The Liver Imaging Reporting and Data System (LI-RADS) was launched in March 2011 to improve standardization and consensus regarding performance, interpretation, and reporting CT and MRI of the liver in patients with cirrhosis or other risk factors. According to the LI-RADS classification, definitely and probably benign lesions are labeled as LI-RADS-1 and LI-RADS-2, respectively. Lesions suspicious for HCC are assigned a category based on the likelihood that a lesion is HCC: intermediate probability for HCC (LI-RADS-3), probably HCC (LI-RADS-4), and definitely HCC (LI-RADS-5). LI-RADS category assignment depends on four imaging criteria: arterial phase hyperenhancement, washout, capsule, and threshold growth (defined as >50% diameter increase in <6 months). For an arterially enhancing lesion ≥2 cm, LI-RADS-5 observations are based on one additional imaging criterion, equivalent to class 5 using the United Network for Organ Sharing (UNOS)/Organ Procurement and Transplantation Network guidelines.[17, 21] For an arterially enhancing lesion 1-1.9 cm, two additional criteria are needed for the lesion to be classified as LI-RADS-5. One of the goals of LI-RADS is to render false-positive imaging diagnoses of HCC exceedingly rare. Studies demonstrating the actual proportion of LI-RADS-3, LI-RADS-4, and LI-RADS-5 observations that subsequently are proven to be HCC are still needed for validation of these imaging categories.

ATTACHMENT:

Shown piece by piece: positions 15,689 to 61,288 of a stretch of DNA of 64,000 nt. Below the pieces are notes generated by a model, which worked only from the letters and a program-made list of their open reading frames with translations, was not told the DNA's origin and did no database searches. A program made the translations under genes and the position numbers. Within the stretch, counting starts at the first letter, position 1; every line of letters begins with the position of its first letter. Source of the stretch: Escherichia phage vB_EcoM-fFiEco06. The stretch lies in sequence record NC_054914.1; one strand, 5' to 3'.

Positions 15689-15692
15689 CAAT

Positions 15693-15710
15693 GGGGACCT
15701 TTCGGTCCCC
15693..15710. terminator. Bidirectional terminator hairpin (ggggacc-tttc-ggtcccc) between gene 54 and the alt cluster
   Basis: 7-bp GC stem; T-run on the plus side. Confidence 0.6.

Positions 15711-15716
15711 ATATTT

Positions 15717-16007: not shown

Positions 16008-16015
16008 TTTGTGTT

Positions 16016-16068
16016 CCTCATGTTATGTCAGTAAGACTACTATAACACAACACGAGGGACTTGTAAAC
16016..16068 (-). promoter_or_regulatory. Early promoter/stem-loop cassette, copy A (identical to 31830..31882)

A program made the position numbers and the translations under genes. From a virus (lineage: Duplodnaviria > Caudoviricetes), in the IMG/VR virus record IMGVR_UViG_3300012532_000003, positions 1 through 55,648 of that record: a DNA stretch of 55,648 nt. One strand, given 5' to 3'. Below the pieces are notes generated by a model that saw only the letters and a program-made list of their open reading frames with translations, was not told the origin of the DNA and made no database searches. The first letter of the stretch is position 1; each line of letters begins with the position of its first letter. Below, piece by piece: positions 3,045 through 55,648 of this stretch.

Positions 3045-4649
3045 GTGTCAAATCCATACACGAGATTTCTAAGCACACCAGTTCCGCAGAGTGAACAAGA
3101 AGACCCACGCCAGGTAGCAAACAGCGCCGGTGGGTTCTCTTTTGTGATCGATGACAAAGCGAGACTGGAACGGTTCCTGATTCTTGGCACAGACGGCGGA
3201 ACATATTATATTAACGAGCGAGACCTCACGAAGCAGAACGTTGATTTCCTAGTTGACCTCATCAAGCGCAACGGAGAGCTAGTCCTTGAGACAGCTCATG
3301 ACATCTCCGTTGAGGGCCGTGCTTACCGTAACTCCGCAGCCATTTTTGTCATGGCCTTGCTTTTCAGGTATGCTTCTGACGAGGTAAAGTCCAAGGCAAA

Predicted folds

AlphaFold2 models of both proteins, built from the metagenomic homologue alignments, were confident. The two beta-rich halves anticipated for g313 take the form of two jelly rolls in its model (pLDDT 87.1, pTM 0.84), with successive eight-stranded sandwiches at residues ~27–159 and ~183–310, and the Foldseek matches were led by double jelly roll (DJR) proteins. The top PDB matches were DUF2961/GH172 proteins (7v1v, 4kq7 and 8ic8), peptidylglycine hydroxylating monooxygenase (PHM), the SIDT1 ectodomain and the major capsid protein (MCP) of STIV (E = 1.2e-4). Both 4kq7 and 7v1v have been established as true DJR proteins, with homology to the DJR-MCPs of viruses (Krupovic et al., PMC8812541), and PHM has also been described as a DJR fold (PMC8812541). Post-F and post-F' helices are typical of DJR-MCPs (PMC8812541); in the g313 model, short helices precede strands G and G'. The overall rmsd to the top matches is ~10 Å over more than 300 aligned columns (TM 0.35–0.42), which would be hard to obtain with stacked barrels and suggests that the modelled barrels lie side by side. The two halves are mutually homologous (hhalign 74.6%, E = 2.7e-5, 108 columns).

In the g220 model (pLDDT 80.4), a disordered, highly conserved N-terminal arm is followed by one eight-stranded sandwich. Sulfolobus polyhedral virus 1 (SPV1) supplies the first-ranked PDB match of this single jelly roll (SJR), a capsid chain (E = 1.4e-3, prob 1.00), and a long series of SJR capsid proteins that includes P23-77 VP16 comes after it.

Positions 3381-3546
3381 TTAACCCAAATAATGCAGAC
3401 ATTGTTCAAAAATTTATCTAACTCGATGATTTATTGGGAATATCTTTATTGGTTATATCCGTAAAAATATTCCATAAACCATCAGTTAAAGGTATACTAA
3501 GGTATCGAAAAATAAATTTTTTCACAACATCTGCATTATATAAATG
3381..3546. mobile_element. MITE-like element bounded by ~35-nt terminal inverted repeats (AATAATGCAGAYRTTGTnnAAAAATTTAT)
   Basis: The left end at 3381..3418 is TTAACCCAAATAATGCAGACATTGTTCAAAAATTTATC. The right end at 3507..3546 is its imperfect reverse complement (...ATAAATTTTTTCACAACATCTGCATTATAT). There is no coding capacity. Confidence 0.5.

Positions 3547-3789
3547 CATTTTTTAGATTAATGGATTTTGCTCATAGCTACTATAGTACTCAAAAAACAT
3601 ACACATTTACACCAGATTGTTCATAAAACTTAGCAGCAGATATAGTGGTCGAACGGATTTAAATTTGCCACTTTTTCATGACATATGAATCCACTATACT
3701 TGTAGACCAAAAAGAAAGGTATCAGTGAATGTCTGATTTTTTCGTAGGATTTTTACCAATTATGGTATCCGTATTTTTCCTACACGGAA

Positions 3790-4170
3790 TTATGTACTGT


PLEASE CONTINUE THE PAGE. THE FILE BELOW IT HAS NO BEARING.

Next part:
Definition of Down-Staging of HCC for LT
Down-staging is defined as a reduction in the tumor burden using LRT specifically to meet acceptable criteria for LT. Radiographic evaluation of treatment response should adhere to the LI-RADS principles and should be based on measurements of the maximum diameter of only viable tumors by multiphase CT or MRI. The measurements should not include the area of necrosis resulting from LRT (Fig. 1). This follows the principles of the European Association for the Study of Liver Disease and modified Response Evaluation Criteria in Solid Tumors (mRECIST) guidelines. The evaluation of response to down-staging is not always straightforward, as illustrated in some examples (Fig. 2A,B). If there is more than one area of enhancement in an otherwise necrotic lesion, then the diameter of the entire lesion should be counted toward the overall tumor burden and additional treatments are needed for down-staging.
The term “down-staging” should not be used loosely to describe tumor “down-sizing” or the effects of LRT, without adhering to HCC staging classifications. In the UNOS tumor–node–metastasis classification and staging system (Table 1), the Milan criteria have been incorporated as T1 and T2 stages, and only patients with HCC meeting T2 criteria are currently eligible for receiving priority listing for LT. This staging system provides a good framework for the standardized application of down-staging.